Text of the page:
The question may be asked, if the demand is sufficient to warrant the planting of the hardy nut trees extensively along our highways or elsewhere. In answer to such a question it may be said that we not only consume all of the edible nuts raised in this country, but import millions of pounds annually of the very kinds which thrive here as well as in any other part of the world.
I have before me the records of our imports from the year 1790 to 1894, but as I purpose dealing more with the present and future than with the distant past, I will refer here only to the statistics of the four years of the present decade, leaving out all reference to the tropical nuts, which are not supposed to be adapted to our climate.
Of almonds, not shelled, and on which there is a protective duty of three cents per pound, we imported from 1890 to the close of 1893, 12,443,895 pounds, valued at $1,100,477.65. Of almonds, shelled, on which the duty is now five cents, we imported 1,326,633 pounds. The total value of both kinds for the four years, amounted to $1,716,277.32. Whether this high protective duty is to remain or not is uncertain, but it is quite evident that it has had very little effect in stimulating the cultivation of this put except in circumscribed localities on the Pacific coast.
Of filberts and walnuts, not shelled, and with a duty of two cents per pound, we imported during the same years from eleven to fifteen million pounds annų. ally, or a total for the four years of 54,526,181 pounds, and in addition about two million pounds of the shelled kernels, on which the duty was six cents (now four) per pound. The total value of these importations amounted to $3,176,085.34.
I do not find the European chestnut mentioned in any list of imports, although an immense quantity must be received from France, Italy and Spain every year, and they are probably imported under the head of miscellaneous nuts, not specially provided for, and upon which the duty was two cents per pound in 1890-'91, but was later reduced to one and a half cents.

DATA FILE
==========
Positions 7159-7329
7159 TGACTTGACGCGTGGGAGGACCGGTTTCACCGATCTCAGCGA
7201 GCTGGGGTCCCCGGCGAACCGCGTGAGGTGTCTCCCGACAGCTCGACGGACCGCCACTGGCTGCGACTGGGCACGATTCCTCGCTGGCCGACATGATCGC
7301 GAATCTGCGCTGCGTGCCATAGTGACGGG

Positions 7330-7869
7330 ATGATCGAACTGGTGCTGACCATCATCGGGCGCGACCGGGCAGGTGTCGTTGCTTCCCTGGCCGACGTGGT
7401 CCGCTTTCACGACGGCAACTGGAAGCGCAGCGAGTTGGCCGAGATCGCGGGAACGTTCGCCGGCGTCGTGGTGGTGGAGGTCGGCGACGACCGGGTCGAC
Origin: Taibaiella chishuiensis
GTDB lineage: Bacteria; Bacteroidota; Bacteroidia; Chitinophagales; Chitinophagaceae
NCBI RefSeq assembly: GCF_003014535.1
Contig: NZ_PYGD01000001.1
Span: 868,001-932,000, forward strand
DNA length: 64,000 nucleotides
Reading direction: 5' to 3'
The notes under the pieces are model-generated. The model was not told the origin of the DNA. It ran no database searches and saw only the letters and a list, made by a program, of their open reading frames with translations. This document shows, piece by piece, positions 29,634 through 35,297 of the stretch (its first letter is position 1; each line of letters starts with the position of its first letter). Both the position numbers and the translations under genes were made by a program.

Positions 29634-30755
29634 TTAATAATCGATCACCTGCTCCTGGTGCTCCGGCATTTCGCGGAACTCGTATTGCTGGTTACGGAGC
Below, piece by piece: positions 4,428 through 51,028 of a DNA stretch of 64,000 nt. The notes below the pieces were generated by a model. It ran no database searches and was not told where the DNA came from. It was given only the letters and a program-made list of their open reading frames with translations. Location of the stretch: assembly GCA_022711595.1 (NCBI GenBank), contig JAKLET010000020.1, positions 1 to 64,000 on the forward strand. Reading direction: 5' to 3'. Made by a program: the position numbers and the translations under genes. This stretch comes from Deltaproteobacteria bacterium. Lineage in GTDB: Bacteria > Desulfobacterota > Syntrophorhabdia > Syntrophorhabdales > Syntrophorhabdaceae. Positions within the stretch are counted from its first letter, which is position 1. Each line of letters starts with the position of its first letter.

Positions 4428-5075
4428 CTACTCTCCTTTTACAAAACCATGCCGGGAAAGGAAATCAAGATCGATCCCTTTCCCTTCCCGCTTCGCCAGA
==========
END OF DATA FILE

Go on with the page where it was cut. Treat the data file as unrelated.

Under the head “miscellaneous nuts,” or all other shelled and unshelled “not specially provided for,” there was imported during the period named 6,442,908 pounds, valued at $235,976.05. The total for all kinds of edible nuts imported was $7,124,575.82. These figures are sufficient to prove that we are neglecting an opportunity to largely engage in and extend a most important and profitable industry. It is true that in the Southern States considerable attention has been given, of late, to the preservation of the old pecan nut trees and the planting of young stock, but it will be many years before the increase from this source can overtake the ever-increasing demand for this delicious native nut. Californians are also making an effort to raise several foreign varieties of edible nuts on a somewhat extensive scale, but all these widely scattered experiments are mere drops in the ocean of our wants. Under such conditions I ask, in all seriousness, if it is not about time that our farmers and rural population generally began to count their worthless and unproductive possessions, in the form of roadside and other shade trees—which have probably cost fully as much to secure, plant and care for during the few or many years since they were set out, as would have been expended upon the most beautiful and valuable nut-bearing kinds. If our ancestors were at fault in the selection of trees for planting, we need not expect that posterity will excuse us for continuing and repeating their folly, especially when our dear-bought experience should teach us better.
At the present time there might be some difficulty in procuring, at the nurseries, a choice selection of nut trees in any considerable quantity, suited to roadside planting, because heretofore there has been little demand for such stock; and nurserymen are only human, and conduct their establishments on business principles, propagating the kind of trees in greatest demand, regardless of their intrinsic or future value to purchasers. They will also continue producing such stock just so long as the demand will warrant it, and further, it is but natural that they should sometimes recommend and advise their customers to purchase worthless, and even pestiferous kinds, such as the ailanthus and white poplar, because the profits in raising these trees are large and there is little danger of loss in transplanting. But if purchasers will insist on having better kinds and refuse to accept any other, they will soon be accommodated; and if not, then let everyone who owns a plot of ground become his own propagator of trees. It is not beyond the ability of any moderately intelligent man (or woman, for that matter) to raise nut trees, and as readily as one could potatoes or corn.
Where farmers want a row of trees along the roadside, to be utilized for line fence posts, they cannot pos